Simon Ings in conversation with Marcel Theroux : STALIN AND THE SCIENTISTS: A History of Triumph and Tragedy 1905 - 1953

Author Simon Ings discusses the thrilling history of Soviet Science. The Soviet Union’s sciences were the largest and best funded in history – and were at once the glory and the laughing stock of the intellectual world. From countless sources and with an eye to world events, Simon will describe what happened when, early in the twentieth century, a handful of impoverished and underemployed graduates, professors and entrepreneurs, collectors and charlatans, bound themselves to a weak and failing government to create a world superpower. 

Copies of Stalin and the Scientists will be on sale at the event.

STALIN AND THE SCIENTISTS is a thrilling history of Soviet science. The Soviet Union’s sciences were the largest and best funded in history – and were at once the glory and the laughing stock of the intellectual world. From countless sources and with an eye to world events, Simon weaves together what happened when, early in the twentieth century, a handful of impoverished and underemployed graduates, professors and entrepreneurs, collectors and charlatans, bound themselves to a weak and failing government to create a world superpower. He goes on reveal how Stalin’s philosophical obsessions – and his role as the state’s Great Scientist – derailed the Soviet Union’s great experiment in ‘rational government’.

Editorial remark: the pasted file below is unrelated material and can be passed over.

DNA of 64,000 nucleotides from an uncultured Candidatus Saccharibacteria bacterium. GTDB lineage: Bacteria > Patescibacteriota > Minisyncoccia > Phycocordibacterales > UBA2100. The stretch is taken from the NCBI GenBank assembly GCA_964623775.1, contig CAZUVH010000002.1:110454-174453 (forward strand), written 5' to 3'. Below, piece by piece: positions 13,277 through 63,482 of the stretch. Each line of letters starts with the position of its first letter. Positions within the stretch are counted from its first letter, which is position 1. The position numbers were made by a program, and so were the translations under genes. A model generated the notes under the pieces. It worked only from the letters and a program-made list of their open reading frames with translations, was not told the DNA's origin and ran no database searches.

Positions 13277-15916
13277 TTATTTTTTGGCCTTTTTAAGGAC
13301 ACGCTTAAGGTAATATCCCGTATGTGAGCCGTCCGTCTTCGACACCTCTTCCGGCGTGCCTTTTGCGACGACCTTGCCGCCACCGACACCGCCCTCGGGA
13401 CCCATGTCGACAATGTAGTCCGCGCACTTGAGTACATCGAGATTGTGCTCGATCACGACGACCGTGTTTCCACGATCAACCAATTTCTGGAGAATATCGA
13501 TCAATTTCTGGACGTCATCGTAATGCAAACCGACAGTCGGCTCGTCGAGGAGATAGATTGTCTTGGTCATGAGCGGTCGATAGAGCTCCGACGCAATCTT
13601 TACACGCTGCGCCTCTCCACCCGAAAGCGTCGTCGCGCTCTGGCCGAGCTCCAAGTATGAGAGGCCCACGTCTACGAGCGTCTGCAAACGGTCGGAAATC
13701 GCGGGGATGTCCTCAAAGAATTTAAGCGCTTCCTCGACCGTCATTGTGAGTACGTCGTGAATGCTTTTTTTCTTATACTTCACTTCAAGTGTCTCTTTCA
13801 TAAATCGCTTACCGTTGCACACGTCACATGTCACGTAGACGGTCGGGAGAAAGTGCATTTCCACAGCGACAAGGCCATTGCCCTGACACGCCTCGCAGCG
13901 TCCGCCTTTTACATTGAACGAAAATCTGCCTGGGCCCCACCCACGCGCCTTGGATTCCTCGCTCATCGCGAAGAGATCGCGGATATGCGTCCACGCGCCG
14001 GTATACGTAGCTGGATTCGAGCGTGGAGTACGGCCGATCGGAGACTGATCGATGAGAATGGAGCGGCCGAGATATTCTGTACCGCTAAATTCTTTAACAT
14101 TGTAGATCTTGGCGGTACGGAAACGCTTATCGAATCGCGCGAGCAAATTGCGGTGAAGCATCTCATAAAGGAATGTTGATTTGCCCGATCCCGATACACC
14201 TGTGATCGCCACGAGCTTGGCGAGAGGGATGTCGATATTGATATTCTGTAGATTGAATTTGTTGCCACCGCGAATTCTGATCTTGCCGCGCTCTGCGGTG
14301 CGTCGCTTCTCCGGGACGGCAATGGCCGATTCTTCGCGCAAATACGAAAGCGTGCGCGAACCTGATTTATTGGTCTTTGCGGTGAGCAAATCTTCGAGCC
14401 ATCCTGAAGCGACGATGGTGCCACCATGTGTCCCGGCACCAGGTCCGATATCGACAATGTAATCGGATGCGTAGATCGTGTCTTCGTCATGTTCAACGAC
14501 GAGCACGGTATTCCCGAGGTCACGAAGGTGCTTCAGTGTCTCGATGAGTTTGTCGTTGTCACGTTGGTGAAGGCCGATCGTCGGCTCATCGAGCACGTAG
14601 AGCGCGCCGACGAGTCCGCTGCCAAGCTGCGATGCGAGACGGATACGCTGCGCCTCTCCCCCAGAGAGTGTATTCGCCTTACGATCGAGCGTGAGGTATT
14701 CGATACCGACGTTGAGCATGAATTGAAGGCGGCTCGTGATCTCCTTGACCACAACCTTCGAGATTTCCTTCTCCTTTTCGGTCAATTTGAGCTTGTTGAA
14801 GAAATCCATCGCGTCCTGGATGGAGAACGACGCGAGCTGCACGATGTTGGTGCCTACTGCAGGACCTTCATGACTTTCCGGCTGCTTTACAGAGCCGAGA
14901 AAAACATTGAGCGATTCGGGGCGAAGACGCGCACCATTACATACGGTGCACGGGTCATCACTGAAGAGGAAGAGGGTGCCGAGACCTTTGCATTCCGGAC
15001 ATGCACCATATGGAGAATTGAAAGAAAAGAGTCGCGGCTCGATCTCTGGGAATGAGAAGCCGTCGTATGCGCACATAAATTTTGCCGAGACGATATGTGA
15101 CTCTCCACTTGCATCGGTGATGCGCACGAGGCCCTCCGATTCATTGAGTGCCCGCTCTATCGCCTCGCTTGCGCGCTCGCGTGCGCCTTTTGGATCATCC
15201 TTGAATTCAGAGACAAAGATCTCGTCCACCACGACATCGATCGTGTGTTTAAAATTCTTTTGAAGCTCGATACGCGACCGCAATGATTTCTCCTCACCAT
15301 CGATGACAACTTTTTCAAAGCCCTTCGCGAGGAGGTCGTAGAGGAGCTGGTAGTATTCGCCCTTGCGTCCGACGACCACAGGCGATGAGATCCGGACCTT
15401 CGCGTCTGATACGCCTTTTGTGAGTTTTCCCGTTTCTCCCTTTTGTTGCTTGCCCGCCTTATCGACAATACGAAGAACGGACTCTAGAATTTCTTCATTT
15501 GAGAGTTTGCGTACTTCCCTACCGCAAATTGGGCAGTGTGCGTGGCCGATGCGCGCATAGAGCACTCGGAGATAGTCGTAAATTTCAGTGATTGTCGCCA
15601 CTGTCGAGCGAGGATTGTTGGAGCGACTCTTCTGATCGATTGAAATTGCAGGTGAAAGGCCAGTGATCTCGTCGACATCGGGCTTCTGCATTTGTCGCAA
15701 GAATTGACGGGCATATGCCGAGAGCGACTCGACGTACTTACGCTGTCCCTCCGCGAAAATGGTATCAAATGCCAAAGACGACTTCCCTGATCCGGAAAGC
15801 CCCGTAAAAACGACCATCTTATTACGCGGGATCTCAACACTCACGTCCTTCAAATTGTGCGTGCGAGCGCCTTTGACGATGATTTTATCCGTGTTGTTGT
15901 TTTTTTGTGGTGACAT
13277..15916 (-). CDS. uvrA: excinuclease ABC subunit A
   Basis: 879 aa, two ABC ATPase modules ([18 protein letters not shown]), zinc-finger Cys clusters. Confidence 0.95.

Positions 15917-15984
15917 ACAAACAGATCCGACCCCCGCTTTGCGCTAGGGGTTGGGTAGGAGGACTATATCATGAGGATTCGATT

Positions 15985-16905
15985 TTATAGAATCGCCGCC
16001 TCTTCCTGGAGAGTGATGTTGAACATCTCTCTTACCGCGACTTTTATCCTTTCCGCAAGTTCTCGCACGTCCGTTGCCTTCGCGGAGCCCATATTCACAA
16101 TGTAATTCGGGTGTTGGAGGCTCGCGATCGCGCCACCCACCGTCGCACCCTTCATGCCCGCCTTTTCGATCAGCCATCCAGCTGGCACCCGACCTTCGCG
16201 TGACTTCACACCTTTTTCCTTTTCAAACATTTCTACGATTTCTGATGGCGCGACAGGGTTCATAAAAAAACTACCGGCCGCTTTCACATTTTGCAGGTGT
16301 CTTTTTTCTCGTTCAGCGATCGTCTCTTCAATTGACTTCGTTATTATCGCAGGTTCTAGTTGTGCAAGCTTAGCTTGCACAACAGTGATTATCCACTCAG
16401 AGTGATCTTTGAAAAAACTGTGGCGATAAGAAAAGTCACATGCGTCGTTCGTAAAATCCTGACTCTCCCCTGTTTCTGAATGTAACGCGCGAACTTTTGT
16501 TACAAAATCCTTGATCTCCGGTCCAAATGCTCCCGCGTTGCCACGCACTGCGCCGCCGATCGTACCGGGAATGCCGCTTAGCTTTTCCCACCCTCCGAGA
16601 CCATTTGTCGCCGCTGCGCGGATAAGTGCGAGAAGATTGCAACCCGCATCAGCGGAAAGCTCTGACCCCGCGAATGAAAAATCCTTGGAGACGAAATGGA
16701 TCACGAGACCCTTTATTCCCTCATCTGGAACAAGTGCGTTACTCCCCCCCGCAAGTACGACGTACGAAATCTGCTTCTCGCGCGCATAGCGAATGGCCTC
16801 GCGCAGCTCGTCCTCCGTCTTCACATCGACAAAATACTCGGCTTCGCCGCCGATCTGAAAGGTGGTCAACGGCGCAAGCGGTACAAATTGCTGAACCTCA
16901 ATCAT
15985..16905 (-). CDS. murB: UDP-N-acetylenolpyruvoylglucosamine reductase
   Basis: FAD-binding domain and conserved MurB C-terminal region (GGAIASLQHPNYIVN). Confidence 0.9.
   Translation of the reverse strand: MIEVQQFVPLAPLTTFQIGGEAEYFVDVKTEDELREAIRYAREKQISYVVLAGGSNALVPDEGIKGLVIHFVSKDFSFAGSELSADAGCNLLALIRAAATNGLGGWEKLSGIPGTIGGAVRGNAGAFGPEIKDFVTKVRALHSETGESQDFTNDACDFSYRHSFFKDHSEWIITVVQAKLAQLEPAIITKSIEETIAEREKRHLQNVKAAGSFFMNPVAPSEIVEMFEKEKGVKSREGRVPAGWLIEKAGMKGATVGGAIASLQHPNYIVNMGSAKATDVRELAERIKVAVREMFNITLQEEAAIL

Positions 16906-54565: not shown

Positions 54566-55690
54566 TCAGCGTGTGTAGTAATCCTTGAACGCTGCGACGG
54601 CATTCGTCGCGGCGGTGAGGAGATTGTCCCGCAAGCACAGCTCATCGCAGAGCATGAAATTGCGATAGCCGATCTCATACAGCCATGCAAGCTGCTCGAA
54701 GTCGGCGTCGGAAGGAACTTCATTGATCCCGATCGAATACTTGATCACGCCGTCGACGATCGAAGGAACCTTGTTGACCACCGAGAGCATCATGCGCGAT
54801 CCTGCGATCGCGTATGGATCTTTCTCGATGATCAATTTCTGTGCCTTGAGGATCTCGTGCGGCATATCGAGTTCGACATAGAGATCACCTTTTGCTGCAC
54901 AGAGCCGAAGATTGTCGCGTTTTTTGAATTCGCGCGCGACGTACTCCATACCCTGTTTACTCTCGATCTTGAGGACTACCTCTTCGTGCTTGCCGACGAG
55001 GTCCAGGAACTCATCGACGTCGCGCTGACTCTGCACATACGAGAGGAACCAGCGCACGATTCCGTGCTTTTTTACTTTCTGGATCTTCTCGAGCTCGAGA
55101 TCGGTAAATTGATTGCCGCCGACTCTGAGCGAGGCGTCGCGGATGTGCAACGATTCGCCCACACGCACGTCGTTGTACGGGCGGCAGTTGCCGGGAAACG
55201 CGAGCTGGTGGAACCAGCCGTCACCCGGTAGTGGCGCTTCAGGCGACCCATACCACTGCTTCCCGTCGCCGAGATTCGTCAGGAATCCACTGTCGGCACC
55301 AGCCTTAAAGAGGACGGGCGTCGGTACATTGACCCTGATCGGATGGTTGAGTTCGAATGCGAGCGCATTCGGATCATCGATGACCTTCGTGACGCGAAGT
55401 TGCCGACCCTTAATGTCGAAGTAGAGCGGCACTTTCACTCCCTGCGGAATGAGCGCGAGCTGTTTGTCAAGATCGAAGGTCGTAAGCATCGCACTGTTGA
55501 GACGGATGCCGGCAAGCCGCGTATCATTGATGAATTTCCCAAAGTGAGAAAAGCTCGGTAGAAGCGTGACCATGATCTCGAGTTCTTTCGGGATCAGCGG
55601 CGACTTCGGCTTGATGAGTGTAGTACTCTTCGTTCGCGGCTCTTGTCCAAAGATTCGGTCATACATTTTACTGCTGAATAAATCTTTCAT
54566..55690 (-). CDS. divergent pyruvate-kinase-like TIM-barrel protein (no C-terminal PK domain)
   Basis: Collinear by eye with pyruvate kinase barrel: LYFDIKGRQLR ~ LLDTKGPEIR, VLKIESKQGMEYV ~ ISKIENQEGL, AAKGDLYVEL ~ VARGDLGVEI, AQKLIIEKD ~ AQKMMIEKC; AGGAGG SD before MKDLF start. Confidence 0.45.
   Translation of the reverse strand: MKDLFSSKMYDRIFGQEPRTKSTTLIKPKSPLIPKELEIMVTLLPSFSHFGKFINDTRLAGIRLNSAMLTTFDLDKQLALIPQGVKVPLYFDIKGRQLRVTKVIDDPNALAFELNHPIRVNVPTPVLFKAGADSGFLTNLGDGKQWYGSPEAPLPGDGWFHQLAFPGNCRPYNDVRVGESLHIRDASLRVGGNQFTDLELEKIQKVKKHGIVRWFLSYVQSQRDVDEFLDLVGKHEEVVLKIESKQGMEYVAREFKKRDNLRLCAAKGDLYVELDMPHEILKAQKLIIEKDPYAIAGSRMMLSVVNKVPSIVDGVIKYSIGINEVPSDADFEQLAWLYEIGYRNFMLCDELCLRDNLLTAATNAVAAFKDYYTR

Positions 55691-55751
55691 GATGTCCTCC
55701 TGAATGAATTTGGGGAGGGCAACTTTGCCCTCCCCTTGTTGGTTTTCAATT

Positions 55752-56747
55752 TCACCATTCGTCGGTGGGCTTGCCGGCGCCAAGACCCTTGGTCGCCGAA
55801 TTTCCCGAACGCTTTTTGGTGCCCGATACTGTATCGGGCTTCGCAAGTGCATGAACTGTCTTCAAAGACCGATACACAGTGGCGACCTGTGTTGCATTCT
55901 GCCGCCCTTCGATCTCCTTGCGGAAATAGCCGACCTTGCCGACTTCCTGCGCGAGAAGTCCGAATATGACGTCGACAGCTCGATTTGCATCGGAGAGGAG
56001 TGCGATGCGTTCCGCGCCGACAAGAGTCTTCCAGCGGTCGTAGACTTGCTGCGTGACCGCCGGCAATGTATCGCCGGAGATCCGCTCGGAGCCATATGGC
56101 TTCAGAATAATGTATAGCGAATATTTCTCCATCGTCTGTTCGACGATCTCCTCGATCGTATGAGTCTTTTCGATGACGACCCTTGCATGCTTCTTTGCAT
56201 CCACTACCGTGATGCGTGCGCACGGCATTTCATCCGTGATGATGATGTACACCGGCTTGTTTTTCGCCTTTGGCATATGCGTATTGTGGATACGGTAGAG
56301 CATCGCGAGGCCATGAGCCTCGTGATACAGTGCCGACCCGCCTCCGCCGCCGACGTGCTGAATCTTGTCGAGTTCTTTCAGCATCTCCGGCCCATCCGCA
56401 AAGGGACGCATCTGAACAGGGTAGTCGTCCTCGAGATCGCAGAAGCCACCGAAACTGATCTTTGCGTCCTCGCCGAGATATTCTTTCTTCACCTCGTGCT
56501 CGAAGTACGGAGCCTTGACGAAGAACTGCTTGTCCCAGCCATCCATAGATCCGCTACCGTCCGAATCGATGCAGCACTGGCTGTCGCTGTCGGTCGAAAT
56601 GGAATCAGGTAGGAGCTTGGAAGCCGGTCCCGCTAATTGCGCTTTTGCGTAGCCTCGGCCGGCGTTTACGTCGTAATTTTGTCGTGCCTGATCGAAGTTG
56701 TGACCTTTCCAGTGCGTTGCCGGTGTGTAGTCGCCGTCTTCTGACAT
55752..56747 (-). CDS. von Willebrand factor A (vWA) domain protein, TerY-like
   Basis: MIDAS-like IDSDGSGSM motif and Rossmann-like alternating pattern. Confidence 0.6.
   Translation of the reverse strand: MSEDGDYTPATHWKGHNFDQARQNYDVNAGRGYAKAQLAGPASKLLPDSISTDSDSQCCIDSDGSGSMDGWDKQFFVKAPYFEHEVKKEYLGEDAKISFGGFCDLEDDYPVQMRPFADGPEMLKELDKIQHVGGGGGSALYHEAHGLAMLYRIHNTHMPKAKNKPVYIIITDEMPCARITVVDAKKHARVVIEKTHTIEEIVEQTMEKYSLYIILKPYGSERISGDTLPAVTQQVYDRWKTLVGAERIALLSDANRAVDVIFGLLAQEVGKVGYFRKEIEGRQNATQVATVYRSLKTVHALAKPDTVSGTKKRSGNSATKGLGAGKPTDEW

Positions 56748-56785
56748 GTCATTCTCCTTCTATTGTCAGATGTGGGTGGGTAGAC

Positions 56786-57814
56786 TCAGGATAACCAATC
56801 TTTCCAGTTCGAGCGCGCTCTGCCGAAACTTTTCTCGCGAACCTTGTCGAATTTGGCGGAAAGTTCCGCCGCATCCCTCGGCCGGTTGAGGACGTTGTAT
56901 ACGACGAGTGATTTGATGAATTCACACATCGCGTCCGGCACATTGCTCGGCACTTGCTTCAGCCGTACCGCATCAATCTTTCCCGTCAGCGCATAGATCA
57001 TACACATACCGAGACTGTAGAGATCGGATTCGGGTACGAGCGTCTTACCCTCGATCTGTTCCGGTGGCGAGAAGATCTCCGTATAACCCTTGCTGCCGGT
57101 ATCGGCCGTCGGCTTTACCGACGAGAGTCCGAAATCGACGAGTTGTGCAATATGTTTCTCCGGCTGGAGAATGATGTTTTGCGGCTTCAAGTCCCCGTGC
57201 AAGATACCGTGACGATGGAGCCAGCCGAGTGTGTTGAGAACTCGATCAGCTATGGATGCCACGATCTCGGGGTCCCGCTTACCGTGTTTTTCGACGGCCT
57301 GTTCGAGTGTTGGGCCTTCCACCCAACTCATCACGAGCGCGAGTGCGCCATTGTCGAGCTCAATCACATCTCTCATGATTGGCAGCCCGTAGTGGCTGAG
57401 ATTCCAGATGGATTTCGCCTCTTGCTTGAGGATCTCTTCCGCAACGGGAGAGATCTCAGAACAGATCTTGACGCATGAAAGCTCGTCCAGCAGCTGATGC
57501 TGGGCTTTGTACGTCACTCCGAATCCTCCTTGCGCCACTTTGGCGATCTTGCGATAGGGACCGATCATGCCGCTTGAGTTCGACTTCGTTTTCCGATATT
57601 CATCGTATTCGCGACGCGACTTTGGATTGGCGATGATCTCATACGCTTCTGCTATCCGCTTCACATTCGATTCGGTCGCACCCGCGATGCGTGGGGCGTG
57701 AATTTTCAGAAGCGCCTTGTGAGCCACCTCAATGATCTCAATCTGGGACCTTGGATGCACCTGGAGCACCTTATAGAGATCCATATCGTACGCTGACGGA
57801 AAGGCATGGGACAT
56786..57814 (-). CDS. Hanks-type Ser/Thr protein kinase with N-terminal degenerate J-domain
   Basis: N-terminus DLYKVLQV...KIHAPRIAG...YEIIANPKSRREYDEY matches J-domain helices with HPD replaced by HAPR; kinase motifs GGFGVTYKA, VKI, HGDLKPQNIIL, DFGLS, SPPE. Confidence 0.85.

As a flavour, characters include: he biologist taking notes on the physiological effects of his own death sentence, to the botanist delivering scientific lectures in a lightless underground cell while his wife, none the wiser, sent food parcels to the wrong side of Russia; the biologist who resorted to theft, fraud and kidnap to support his work, n the poet-ergonomist building achin o churn out new forms of human being. imo aptures something magnificent in the way the Soviet Union tried to light up a world of scarcity and poverty with the fitful glow of science. 

Simon Ings began his career writing science fiction stories, novels and films, before widening his brief to explore perception (The Eye), 20th-century radical politics (The Weight of Numbers), the shipping system (Dead Water) and augmented reality (Wolves). He co-founded and edited Arc magazine, a digital publication about the future, before joining New Scientist as its arts editor. Out of the office, he lives in possibly the coldest flat in London, writing for the Guardian, Times, Telegraph, Independent and Nature.

 

 

Marcel Theroux is a novelist and journalist. His novels are A Blow to the Heart, A Stranger in the Earth, The Paperchase (winner of the 2002 Somerset Maugham Award), Far North (shortlisted for America's prestigious National Book Award), and Strange Bodies.